It seems like the times of more ambitious climate policies may be over soon. From Paris to Berlin to London, the self-proclaimed world leaders on climate action are starting to lose their environmentally friendly-powered steam. Across the EU, governments fear a popular backlash against climate measures. Case in point: French President Emmanuel Macron is set to announce an additional €7 billion to boost green policies in next year’s budget, as well as additional measures for the coming years. But in a TV interview last Sunday, he made clear he had decided against banning gas boilers for residential buildings. His Ecological Transition Minister Christophe Béchu said he was worried about “soaring indicators of climatoskepticism, or climatorelativism.” Germany also walked back a plan to ban gas boilers and fossil-fuel heating, after massive government infighting and public outcries that coincided with the far-right party AfD’s rise in opinion polls. In an interview earlier this month, Finance Minister Christian Lindner slammed Brussels for seeking stricter efficiency rules for buildings, warning that such plans could spark a dangerous voter backlash and fuel the rise of the far right. The UK and even Sweden have just recently rolled back some of their green policies and climate commitments - because of protests.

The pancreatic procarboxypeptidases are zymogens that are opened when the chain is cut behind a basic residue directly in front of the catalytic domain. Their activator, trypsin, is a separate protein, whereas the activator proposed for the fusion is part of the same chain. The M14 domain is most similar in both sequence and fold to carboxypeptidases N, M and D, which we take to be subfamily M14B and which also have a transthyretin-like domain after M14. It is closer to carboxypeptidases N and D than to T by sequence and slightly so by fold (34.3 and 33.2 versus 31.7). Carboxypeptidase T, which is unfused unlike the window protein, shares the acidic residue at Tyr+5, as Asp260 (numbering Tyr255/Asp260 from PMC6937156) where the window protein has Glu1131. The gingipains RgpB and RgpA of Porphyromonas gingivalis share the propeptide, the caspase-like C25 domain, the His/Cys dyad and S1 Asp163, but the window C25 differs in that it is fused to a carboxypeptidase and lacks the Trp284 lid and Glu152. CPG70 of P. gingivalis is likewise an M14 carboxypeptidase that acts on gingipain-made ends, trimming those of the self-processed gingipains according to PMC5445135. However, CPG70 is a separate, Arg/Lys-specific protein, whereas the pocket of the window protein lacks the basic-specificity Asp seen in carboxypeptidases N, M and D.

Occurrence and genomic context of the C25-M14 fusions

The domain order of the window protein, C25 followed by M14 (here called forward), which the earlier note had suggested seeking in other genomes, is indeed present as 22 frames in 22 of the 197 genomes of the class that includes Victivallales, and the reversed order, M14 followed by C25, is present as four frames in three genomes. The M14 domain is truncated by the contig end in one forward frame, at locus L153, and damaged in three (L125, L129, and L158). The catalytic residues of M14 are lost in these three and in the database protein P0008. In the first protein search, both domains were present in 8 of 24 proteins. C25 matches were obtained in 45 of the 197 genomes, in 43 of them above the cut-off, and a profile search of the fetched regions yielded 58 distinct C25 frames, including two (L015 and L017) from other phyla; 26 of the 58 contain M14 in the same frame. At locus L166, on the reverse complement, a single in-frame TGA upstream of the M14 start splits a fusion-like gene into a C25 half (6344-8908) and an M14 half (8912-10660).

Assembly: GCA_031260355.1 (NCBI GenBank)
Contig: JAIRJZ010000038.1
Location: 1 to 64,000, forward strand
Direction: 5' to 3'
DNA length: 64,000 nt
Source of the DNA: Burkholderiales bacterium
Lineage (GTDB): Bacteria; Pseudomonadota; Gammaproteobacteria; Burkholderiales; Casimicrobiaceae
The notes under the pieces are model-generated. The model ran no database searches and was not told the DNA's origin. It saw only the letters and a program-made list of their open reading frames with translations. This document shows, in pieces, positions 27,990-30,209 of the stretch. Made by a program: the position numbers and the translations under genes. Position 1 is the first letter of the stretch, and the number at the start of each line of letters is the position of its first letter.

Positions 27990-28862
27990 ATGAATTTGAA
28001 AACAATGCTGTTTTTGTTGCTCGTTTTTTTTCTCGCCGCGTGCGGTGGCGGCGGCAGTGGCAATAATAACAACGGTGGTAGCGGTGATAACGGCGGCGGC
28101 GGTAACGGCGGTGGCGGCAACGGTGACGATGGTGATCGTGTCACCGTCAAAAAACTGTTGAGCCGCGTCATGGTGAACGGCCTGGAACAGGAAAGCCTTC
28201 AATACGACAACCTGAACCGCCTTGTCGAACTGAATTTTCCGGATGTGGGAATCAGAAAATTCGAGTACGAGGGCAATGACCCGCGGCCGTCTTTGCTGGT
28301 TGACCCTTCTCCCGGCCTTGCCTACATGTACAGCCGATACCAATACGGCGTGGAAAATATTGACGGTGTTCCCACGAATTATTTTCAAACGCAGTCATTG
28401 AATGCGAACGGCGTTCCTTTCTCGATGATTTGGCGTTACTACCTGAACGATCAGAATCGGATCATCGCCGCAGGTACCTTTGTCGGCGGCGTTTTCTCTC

This comes just two months before the next U.N. climate talks in Dubai where countries are to commit to making significant additional efforts to hit their 2030 goals. Even though Europe has made massive progress in cutting greenhouse gases, it nevertheless risks missing its 2030 targets, according to the European Court of Auditors, which warned last month that current measures could be insufficient. Case in point 2: On Monday, 25 September, EU ministers reached a deal on the update of non-CO₂ car pollution standards. The countries’ compromise considerably watered down the Commission’s proposals — despite the fact most EU capitals have air pollution levels well above limits recommended by the WHO. In fact, the text doesn’t look much different from current emissions standards. On exhaust emissions limits and testing requirements for cars and vans, especially, it’s basically a copy-paste of the older Euro 6 norm.
Belgium sued over climate policy shortcomings
The non-profit group ‘Affaire Climat’ and over 70,000 citizens again called on the courts to impose binding emissions reductions on the Belgian government after the last ruling to reduce greenhouse gas emissions was largely ignored by the state. In June 2021, the Brussels Court of First Instance condemned the federal government and the three regions for their inadequate climate policies. After six years of proceedings, the court found that Belgium’s climate policies were largely insufficient and did not respect “the duty of care required of a State and therefore infringe the fundamental rights of the plaintiffs“. That’s a great precedent to set!